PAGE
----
Technology

Wednesday 30 July 2014

BlackBerry: Tablets dead in five years

Published 30/04/2013|14:32

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Research in Motion (RIM) President and Chief Executive Officer Thorsten Heins introduces a new RIM Blackberry 10 device during their launch in New York January 30, 2013. REUTERS/Shannon Stapleton (UNITED STATES - Tags: BUSINESS SCIENCE TECHNOLOGY TELECOMS HEADSHOT)

LARGE screens will replace tablets within five years, claims Thorsten Heins, BlackBerry’s chief executive, as he trumpets Z10 phone success.

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Mr Heins said that “In five years I don’t think there’ll be a reason to have a tablet anymore. Maybe a big screen in your workspace, but not a tablet as such. Tablets themselves are not a good business model.”

Tablets have powered Apple and increasingly Samsung to huge profits, so Mr Heins’ suggestions will be met with incredulity in some quarters. But diminishing profit margins on iPads could also indicate that the market will become less attractive over time.

The suggestion that there is a limited future for tablet computers could also indicate that Mr Heins plans to shelve a follow-up to the smartphone maker’s ill-fated PlayBook device.

The PlayBook, introduced in 2011, was panned by critics for debuting without built-in e-mail, delivering the tablet a near-fatal blow. BlackBerry took a $485 million charge later that year to write down unsold inventory after shipping as few as 150,000 PlayBooks in the third quarter of 2012.

Mr Heins said in January that he would only consider a PlayBook successor if it can be profitable, and reiterated yesterday that a BlackBerry tablet has to offer a unique proposition in a crowded market. In five years, I see BlackBerry to be the absolute leader in mobile computing - that’s what we’re aiming for,” Heins said, empahsising the importance of phones over tablets. “I want to gain as much market share as I can, but not by being a copycat.”

In a separate interview with Bloomberg Television yesterday, Heins said he was optimistic about prospects for BlackBerry’s new Q10 phone, which sports a physical keyboard and debuted in Selfridges over the weekend in the UK.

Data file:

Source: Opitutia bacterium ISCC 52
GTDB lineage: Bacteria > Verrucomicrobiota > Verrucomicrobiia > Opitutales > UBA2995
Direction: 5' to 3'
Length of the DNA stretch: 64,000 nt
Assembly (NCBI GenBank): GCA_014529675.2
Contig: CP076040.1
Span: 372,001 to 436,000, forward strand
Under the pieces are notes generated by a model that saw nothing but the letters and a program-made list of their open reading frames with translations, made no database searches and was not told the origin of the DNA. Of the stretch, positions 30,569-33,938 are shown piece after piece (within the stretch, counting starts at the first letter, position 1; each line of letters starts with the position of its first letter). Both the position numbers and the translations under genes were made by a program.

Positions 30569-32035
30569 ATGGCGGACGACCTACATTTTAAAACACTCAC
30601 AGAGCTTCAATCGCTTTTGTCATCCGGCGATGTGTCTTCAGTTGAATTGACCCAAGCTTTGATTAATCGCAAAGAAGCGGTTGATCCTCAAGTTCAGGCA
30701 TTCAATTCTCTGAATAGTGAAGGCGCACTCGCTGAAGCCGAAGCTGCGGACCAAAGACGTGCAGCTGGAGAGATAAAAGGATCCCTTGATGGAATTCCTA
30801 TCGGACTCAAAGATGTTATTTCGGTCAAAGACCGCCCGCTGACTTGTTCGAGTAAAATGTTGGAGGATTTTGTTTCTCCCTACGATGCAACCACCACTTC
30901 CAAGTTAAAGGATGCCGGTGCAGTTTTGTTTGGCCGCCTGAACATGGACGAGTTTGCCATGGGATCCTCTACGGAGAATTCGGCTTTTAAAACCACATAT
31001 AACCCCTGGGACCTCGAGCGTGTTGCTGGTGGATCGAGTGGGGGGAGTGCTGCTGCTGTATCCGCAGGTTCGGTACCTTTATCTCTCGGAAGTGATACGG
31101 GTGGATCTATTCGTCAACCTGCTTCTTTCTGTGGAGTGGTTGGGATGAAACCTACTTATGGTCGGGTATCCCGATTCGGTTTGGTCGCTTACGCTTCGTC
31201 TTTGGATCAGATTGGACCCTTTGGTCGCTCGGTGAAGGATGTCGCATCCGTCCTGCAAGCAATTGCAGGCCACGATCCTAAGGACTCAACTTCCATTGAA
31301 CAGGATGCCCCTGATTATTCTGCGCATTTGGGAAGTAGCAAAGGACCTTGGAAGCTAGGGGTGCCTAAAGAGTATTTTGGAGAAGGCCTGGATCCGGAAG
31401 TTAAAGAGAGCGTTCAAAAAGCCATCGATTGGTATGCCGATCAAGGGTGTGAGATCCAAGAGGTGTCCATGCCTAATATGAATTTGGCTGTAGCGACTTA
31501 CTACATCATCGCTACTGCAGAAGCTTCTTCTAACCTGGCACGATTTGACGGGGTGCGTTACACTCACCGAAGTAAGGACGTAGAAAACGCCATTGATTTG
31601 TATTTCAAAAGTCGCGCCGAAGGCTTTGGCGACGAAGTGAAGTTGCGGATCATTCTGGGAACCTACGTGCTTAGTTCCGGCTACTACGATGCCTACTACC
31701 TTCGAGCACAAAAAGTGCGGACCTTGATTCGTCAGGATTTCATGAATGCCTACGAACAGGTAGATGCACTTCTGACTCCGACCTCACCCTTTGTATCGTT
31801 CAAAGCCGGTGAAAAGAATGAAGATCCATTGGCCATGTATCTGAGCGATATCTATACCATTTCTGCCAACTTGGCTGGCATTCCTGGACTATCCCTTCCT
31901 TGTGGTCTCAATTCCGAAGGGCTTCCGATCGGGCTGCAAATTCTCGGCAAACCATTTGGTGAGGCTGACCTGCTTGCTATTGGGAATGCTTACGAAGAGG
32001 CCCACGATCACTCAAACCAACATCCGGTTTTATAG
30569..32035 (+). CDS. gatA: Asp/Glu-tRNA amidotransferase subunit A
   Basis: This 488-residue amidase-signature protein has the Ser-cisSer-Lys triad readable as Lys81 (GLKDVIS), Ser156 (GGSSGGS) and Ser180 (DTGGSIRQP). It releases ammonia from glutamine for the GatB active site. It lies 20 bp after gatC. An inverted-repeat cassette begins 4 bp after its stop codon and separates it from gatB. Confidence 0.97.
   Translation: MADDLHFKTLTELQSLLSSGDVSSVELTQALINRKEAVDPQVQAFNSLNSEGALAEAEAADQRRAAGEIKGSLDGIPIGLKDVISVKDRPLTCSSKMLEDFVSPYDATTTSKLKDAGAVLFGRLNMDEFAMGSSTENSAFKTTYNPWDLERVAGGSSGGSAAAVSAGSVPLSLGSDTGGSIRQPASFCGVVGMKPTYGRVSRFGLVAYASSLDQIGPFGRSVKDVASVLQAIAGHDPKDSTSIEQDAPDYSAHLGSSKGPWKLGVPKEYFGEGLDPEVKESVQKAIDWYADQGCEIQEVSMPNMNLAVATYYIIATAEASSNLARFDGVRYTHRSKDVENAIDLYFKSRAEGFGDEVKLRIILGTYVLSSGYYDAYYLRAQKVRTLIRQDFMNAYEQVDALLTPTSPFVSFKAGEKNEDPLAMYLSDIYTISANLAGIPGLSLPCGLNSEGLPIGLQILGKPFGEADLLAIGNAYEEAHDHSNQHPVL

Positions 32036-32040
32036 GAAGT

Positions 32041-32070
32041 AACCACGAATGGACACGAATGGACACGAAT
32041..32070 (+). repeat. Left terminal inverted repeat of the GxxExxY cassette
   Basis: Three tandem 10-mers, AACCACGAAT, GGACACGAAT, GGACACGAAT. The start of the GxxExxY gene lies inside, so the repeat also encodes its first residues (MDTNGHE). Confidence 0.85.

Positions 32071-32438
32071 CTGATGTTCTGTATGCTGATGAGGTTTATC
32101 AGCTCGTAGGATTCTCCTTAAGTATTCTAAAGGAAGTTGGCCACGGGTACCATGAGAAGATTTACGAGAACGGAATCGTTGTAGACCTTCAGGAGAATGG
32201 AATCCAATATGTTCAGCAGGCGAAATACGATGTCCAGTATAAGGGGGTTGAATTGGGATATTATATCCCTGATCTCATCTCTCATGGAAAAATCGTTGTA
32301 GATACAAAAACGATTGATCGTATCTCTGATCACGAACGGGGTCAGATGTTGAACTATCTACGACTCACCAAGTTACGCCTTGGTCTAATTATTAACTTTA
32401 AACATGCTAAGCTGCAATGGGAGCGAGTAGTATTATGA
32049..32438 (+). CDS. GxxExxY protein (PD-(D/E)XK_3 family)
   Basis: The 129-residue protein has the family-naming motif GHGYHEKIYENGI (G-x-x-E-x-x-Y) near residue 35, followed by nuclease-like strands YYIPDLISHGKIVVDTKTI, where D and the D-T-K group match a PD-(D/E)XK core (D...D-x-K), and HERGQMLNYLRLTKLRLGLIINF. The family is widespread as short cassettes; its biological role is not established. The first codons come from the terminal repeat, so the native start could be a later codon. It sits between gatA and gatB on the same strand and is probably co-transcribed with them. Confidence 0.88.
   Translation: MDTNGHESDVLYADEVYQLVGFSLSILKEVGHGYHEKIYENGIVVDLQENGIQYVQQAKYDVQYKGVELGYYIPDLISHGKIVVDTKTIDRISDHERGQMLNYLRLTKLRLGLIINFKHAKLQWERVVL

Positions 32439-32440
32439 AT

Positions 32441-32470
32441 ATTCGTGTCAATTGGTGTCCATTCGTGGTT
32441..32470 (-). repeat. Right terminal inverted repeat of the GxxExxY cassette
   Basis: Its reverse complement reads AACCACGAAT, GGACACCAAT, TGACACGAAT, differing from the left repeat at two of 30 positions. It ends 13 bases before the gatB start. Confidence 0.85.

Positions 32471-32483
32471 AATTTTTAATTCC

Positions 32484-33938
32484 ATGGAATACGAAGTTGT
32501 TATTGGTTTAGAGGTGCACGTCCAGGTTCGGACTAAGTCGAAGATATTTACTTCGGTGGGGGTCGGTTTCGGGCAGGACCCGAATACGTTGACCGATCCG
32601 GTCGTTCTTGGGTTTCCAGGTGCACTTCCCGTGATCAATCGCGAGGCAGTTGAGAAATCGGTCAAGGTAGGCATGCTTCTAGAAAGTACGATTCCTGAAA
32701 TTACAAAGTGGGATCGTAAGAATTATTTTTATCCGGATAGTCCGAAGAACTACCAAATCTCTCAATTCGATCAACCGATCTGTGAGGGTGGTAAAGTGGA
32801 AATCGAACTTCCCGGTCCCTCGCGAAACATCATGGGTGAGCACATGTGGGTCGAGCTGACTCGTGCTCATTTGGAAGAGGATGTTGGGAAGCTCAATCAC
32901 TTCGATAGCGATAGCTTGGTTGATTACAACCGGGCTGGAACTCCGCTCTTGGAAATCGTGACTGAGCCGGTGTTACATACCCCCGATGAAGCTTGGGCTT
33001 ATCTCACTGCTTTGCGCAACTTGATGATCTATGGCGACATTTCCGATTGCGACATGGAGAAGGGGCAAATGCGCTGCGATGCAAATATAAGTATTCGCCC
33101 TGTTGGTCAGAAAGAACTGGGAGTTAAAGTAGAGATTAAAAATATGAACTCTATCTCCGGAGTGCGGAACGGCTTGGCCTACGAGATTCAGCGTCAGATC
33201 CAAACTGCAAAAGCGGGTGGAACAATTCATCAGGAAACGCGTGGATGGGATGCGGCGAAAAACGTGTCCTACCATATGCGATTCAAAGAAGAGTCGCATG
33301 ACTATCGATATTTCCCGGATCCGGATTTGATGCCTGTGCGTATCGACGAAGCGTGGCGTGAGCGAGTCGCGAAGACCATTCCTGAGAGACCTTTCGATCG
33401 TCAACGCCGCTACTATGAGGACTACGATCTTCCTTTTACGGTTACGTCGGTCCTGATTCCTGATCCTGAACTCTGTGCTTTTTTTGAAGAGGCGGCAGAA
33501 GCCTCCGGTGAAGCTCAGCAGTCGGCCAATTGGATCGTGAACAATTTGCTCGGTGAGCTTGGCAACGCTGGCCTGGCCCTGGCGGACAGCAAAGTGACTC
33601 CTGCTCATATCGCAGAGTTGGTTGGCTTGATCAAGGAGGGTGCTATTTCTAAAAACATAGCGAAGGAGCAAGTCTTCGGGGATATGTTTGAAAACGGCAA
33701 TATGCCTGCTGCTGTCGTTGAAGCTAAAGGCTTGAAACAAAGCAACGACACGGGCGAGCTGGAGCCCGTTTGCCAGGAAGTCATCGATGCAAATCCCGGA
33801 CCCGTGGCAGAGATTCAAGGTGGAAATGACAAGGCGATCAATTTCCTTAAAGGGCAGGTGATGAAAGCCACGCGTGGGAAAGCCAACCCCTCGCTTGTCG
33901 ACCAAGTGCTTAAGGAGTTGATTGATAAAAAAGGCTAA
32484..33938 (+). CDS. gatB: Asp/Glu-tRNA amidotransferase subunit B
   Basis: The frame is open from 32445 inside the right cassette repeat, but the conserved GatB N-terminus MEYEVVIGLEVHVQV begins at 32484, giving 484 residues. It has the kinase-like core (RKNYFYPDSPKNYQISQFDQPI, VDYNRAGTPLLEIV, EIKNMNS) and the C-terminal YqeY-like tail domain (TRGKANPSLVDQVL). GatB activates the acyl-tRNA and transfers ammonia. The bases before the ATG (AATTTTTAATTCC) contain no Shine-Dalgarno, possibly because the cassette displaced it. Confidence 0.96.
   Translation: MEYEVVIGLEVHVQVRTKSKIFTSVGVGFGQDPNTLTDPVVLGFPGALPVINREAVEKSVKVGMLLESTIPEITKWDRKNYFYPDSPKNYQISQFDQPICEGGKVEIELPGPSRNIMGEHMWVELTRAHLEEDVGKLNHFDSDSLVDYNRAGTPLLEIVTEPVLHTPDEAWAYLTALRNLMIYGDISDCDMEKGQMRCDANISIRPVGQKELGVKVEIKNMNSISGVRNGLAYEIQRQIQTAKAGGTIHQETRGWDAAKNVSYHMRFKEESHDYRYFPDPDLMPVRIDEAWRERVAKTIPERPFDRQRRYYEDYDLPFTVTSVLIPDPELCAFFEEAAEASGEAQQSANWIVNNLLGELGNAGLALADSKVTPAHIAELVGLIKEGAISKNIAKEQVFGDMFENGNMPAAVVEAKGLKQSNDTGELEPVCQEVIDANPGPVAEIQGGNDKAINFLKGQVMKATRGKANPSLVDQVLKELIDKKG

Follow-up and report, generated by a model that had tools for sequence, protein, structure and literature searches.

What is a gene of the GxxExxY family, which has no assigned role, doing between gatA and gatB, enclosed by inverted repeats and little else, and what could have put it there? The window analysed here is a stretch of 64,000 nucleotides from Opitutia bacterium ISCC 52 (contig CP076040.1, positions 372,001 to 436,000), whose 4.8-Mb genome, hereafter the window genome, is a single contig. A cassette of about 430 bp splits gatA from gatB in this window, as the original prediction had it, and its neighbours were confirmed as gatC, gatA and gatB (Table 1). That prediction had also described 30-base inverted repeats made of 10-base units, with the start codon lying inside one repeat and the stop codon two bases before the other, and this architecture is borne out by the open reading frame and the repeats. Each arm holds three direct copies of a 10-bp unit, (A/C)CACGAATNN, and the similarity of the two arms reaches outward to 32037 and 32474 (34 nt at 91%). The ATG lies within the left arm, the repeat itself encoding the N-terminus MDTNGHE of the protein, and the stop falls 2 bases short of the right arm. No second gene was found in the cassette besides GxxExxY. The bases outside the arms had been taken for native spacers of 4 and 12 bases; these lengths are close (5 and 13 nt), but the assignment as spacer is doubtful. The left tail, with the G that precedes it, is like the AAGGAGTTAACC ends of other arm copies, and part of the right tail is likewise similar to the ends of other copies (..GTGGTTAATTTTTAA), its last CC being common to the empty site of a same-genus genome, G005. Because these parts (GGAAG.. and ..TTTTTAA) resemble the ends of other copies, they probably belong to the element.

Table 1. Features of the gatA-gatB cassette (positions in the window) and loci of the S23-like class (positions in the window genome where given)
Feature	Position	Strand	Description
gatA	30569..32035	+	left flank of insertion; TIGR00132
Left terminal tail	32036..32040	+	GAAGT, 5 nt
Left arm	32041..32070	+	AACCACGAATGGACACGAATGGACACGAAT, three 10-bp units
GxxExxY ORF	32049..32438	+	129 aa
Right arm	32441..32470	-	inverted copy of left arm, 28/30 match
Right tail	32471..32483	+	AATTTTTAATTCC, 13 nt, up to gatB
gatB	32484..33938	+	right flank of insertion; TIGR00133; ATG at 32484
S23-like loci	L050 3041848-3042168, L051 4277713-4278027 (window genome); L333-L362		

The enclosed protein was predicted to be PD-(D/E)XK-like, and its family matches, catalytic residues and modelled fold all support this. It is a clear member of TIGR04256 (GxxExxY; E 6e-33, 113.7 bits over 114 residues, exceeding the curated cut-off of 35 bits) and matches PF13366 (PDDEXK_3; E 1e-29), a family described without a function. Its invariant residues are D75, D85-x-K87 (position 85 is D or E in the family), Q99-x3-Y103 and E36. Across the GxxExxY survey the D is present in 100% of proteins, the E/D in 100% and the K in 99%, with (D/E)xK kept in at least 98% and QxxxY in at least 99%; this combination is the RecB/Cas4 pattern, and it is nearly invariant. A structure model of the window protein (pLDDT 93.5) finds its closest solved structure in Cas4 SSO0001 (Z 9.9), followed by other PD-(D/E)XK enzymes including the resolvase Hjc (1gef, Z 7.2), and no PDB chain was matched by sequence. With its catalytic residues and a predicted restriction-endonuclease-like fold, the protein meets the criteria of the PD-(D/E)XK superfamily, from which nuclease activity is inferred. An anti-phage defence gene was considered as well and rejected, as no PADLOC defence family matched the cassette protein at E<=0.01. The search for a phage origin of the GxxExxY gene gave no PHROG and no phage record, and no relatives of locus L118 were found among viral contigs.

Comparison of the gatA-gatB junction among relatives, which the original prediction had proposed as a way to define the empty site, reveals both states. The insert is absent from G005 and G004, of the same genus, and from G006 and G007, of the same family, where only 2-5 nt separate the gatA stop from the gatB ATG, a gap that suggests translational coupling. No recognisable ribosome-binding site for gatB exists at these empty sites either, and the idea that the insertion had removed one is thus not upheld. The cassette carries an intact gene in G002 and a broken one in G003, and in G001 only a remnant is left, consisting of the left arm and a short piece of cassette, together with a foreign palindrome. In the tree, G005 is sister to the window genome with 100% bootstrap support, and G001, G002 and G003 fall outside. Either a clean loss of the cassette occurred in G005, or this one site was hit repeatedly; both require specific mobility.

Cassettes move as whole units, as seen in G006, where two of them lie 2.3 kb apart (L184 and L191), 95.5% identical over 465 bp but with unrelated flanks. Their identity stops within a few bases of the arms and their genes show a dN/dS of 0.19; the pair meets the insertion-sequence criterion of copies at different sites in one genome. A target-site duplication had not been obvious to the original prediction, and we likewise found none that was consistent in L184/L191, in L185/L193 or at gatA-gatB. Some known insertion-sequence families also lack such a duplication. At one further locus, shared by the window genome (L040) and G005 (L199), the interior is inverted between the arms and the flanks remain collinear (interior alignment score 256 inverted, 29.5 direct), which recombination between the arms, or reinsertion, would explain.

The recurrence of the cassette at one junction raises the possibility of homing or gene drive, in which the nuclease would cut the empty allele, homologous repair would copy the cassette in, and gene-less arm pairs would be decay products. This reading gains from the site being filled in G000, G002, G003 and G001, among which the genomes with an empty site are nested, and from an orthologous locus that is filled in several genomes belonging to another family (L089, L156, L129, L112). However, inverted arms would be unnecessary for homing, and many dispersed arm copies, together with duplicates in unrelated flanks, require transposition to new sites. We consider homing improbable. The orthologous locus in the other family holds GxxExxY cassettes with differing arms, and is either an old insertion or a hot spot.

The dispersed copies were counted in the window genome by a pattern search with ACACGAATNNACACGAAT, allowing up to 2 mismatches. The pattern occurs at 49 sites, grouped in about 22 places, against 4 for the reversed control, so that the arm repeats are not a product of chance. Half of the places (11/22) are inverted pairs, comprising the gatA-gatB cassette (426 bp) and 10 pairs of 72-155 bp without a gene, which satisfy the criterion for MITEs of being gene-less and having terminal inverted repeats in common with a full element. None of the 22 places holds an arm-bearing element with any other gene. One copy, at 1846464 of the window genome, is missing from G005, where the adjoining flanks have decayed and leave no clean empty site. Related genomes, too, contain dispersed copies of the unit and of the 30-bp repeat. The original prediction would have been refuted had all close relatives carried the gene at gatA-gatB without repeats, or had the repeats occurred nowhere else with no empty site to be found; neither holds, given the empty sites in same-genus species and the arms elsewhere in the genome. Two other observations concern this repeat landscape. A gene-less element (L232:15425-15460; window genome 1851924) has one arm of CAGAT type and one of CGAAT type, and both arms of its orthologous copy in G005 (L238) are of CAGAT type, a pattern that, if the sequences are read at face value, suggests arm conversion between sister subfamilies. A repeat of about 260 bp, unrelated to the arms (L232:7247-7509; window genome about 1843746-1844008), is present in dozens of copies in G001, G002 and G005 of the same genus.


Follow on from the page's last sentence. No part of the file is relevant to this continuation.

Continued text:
“We have very, very good first signs already after the launch in the UK,” Heins said. “This is going into the installed base of more than 70 million BlackBerry users, so we have quite some expectations. We expect several tens of million of units.”

BlackBerry stock has increased 32 percent this year on speculation that the BlackBerry 10 lineup can help fuel a comeback.

The company is counting on a wave of upgrade buying from BlackBerry users who prefer a physical keyboard to drive Q10 sales and help revive revenue growth. While the touch-screen Z10 sold a million units in its first quarter that ended March 2, in line with analyst estimates, the company’s stock has experienced volatility in recent weeks following reports of lackluster demand for the Z10.

Contrary to earlier reports, data from BlackBerry and one of its US carrier partners Verizon Wireless show that Z10 returns are “completely in line” with the industry and “better than previous BlackBerry launches were, so the quality speaks for itself,” Heins said.

Heins also said he is still exploring the potential licensing of the BlackBerry 10 operating system to other companies. A successful introduction of the new phones will “create a certain attraction toward BlackBerry 10, and then whatever comes up, we will entertain any valuable discussion for the company,” Heins said yesterday. “We are still observing and watching that space, and that’s what we will continue to do.”

Telegraph.co.uk

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